The Tower of London (And More).
Paint, Armor, Murder, Theater, Bridges.
Even though our Royal London Walking Tour was over, we just kept going. We walked across the Thames to check out a little of what the southern side of London's famous river had to offer the world traveling family.
London is relatively flat, so it's easy to spot the the London Eye, a giant, slow-moving Ferris wheel on the south bank of the River Thames that looms large on the London skyline.
Earlier in our trip, we had every intention of riding the London Eye. We passed on the Melbourne Star and the Singapore Flyer with the understanding that we'd ride the Eye when we got to London. But when we arrived and stood there looking up, the desire to ride it sort of faded. Plus we didn't want to spend the £80. It is quite a spectacle though. Instead, we walked over to Leake Street.
Better known as the Banksy Tunnel (or the Banksy Toilet because of how it smelled) or Grafitti Tunnel, it's about 300 meters of road under Waterloo Station that's covered (and re-covered) by street art murals.
The whole idea started way back in 2008 during the "Cans Festival' organized by mysterious and popular and enigmatic street artist Banksy. And here we are, seven years later, and the graffiti artists are still going strong.
There was some really great street art along the length of this somewhat abandoned stretch of road, and it reminded us a lot of the street art scene in Melbourne (although, unlike Melbourne, the artists hanging around Leake Street seemed to be a little angry that we were there checking out their work).
From Leake Street, we ate some dinner and took a ride on the Underground back to our London Flat. Then, the next morning, we got back on the Underground and rode it up to the north bank of the Thames, heading off to meet some friends from Los Angeles at the Tower of London. On the way there, we walked right past The Monument.
Billy, our guide during our Royal London Walking Tour told us about The Monument (yes, that's what they call it), a tall tower that stands in remembrance of the Great London Fire that raged through the city for three days in September 1666. They say The Monument, which was erected in 1677, stands on the edge of where the fire was stopped and if it were to fall in just the right direction, it would land exactly where the fire started.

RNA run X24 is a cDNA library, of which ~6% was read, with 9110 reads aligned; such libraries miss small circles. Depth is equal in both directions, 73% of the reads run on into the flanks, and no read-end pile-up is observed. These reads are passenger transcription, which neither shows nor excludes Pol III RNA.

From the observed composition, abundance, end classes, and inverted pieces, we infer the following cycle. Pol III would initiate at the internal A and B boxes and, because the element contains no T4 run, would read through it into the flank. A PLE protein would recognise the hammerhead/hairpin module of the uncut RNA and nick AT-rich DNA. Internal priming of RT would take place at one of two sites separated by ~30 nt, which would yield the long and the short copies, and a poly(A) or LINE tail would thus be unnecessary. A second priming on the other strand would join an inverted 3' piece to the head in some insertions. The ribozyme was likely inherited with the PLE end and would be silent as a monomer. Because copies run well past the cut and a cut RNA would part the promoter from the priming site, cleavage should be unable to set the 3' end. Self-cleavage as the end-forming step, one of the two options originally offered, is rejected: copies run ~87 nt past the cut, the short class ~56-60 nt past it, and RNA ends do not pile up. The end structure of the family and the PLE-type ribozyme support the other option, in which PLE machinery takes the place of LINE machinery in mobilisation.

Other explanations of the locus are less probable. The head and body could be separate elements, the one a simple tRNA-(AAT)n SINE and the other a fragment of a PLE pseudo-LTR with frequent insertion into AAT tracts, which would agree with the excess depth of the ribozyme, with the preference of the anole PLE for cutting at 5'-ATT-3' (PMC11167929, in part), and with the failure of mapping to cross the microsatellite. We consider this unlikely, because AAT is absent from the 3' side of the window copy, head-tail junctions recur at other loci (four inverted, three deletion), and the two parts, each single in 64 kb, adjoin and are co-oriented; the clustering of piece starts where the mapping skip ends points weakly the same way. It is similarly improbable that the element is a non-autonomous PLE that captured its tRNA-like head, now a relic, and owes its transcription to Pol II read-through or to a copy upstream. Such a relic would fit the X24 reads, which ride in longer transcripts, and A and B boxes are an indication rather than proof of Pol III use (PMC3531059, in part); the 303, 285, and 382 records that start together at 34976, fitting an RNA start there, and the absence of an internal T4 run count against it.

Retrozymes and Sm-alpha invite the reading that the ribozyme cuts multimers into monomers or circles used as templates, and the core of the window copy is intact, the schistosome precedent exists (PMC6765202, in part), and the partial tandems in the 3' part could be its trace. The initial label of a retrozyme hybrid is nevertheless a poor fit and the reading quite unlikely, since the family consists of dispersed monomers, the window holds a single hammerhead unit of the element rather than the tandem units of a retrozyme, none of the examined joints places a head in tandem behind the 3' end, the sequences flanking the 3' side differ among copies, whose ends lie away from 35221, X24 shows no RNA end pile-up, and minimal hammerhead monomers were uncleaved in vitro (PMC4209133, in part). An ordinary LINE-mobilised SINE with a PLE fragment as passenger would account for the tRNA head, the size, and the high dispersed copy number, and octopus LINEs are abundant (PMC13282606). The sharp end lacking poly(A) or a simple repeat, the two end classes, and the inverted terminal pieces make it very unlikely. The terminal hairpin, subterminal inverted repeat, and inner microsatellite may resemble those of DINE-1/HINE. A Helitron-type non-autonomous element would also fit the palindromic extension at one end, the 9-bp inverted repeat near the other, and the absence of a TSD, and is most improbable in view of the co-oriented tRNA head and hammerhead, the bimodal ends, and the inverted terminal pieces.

Billy told us that walking up The Monument's 311 steps to look out over the city of London was worth the trip and the view is almost as good as what you get from a ride on the London Eye. We could have climbed it for £12 (which a lot less than a ride on the London Eye), but we had people to meet at the Tower of London so we had to pass—for now.
Tower of London
The funny thing about the Tower of London is that it's not really a tower. Nor is it in the City of London. But it is a UNESCO World Heritage Site bearing the unusually short (for a UNESCO site anyway) name of the Tower of London.
The Tower of London is located in the borough of Tower Hamlets (which is just to the east of the City of London) and is a fortress consisting of many towers, castles, keeps, barracks, and the walls that surround the whole thing. It's been around since the Norman Conquest of 1066, and the interior is filled with all sorts of historical relics from that period through the present day—the most impressive of which are the Crown Jewels.
Of course we had to go see the Crown Jewels. And they were pretty cool, if a bit extravagant perhaps (but that's okay because, you know, Crown Jewels). No photos were allowed, of course (there is a gallery here, though), but I can say that there were a lot of sparkly jewels and many items of shiny gold on display behind glass cases. There were a few paintings and tapestries, too.
Ravens of the Tower
It's a firmly held belief that if ravens are not kept at the Tower at all times, England will fall. So there are always at least six ravens roaming around the place—although we only ever saw two at once—and these ravens are actually soldiers that have been enlisted into the British army.
Why do the ravens stay there? Magic? A burning urge to serve the crown? No, there's nothing mystical or dutiful about it—each raven has the flight feathers on one of its wings clipped. Don't feel too badly for them, though, they're treated like royalty.
Tower as Prison
The tower was also used as a prison until 1952, although it was the Tudors, mainly Henry VIII, who used it to house troublesome and traitorous subjects of the crown.